Saturday, March 31, 2007
Three Strikes, You're Out
From "Iraq’s Militias: The True Threat to Coalition Success in Iraq", in Parameters, the Army War College's quarterly journal:
But while religious extremism may typify the average insurgent, the biggest threat to American policy is not posed by the jihadist, who in most cases, lacks the ability to organize, effectively train and recruit forces (other than suicide bombers), and has no long-term strategy for generating resources, garnering public support, or achieving realistic strategic goals. The real hazard to American objectives in Southwest Asia comes from armed and active militias who, unlike most insurgents, have served as career soldiers, seized the support of their populace, and, in many cases, infiltrated national government institutions.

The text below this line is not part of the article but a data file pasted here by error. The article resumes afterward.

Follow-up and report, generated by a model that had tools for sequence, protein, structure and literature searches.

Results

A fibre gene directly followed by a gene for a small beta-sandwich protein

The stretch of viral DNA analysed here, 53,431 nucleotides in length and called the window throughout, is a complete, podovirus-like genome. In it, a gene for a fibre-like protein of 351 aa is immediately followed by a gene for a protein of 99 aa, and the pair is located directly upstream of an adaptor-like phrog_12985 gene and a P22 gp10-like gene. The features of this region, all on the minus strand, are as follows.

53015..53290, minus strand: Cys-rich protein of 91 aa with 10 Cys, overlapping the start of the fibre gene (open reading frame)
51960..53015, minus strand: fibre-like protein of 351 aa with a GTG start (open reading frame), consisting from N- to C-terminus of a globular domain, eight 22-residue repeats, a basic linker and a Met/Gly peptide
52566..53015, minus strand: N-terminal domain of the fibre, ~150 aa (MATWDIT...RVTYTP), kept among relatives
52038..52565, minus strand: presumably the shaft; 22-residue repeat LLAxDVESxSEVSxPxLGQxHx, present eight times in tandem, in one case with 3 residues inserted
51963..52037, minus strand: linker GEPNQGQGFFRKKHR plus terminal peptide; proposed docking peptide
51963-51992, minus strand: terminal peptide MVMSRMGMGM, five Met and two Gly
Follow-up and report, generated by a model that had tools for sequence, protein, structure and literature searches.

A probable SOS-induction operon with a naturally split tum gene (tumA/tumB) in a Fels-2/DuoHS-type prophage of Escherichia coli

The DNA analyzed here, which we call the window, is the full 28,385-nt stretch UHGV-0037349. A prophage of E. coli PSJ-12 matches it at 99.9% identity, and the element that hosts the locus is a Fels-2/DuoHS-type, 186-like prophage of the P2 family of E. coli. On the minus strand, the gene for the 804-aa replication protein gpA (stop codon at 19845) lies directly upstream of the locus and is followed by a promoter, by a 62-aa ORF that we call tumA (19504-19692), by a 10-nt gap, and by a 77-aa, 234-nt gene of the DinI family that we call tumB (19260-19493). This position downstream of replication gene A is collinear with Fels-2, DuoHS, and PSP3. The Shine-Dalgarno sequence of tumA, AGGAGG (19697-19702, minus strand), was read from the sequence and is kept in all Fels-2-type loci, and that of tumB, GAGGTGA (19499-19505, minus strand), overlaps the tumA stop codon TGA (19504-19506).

Though a form of resistance, militiamen are far different in nature than insurgents or terrorists. In the long-term, militias are most damaging because they weaken government influence by providing unofficial (and effective) security in localized areas using illegal methods. Due to the support they receive from their constituents and the resultant political power they wield, militias can only be neutralized through state-sponsored Disarmament, Demobilization, and Reintegration (DDR) initiatives.
Unfortunately, the DDR initiative outlined in the article depends on three components that seem to be lacking in Iraq: the political will to disband the militias, the economic conditions necessary to reintegrate militia members into civilian employment, and the re-establishment of security to obviate the perceived need for "private", non-state security agents.